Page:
Those teams — men’s basketball, baseball, softball, women’s cross country, women’s golf, women’s tennis, volleyball and both swim teams — reached new highs during the 2011-2012 school year.
Women’s golf, women’s tennis, women’s cross country and volleyball posted perfect scores of 1,000. Those programs were also noted last week through the NCAA’s APR Public Recognition Award for finishing in the top 10 percent of Division I in their respective sport.
APR, “a term-by-term measure of eligibility and retention for Division I student-athletes that was developed as an early indicator of eventual graduation rates,” according to the NCAA, is scored by rolling four-year periods.
A perfect APR (or graduation rate) is represented by 1,000, while a 900 currently marks the threshold for which the NCAA can impose sanctions on athletic programs. But for the 2014-2015 year, that minimum rises to 940 – a new ceiling that will place a number of programs on the edge.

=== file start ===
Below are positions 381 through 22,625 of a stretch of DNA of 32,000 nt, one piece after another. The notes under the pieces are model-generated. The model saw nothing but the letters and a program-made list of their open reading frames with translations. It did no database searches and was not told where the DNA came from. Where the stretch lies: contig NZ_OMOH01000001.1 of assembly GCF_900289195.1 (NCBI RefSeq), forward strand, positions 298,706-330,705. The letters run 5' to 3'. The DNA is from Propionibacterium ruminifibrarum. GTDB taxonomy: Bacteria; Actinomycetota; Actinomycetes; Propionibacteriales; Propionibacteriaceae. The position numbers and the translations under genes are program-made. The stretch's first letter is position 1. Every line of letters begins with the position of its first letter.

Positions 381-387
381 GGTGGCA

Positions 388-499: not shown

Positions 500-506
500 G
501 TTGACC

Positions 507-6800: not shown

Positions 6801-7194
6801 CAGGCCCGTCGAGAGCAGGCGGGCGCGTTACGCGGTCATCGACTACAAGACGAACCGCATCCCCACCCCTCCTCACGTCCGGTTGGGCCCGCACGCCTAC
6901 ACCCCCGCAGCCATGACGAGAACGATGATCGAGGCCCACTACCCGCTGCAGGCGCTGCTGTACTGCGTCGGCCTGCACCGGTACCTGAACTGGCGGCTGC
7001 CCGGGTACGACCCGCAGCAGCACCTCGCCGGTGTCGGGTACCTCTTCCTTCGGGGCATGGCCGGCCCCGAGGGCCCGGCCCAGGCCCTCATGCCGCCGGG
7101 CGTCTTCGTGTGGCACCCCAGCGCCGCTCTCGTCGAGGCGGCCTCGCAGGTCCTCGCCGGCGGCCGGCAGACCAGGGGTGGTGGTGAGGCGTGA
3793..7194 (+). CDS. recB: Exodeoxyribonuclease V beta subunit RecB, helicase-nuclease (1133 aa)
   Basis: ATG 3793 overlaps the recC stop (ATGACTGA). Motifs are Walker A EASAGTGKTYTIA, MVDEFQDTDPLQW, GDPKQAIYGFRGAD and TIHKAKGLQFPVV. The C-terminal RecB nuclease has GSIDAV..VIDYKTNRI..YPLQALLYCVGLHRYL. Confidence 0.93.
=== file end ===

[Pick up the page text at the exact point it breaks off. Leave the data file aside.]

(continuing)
None of them will likely be from UE, however.
Perhaps most notable among the Aces’ athletic programs is the men’s basketball team. Since the NCAA instituted the APR in 2004, the Aces’ rate has grown every year — from 878 then to 965 now.
Higher APRs this year coincide with UE’s all-academic award from the Missouri Valley Conference, awarded last fall after Aces student-athletes combined to post the highest grade-point average in the league.
Most of the 18 division teams sanctioned this year by the NCAA come from low-spending schools in leagues such as the Southwestern Athletic Conference. Penalties typically include reduction in scholarships and postseason bans.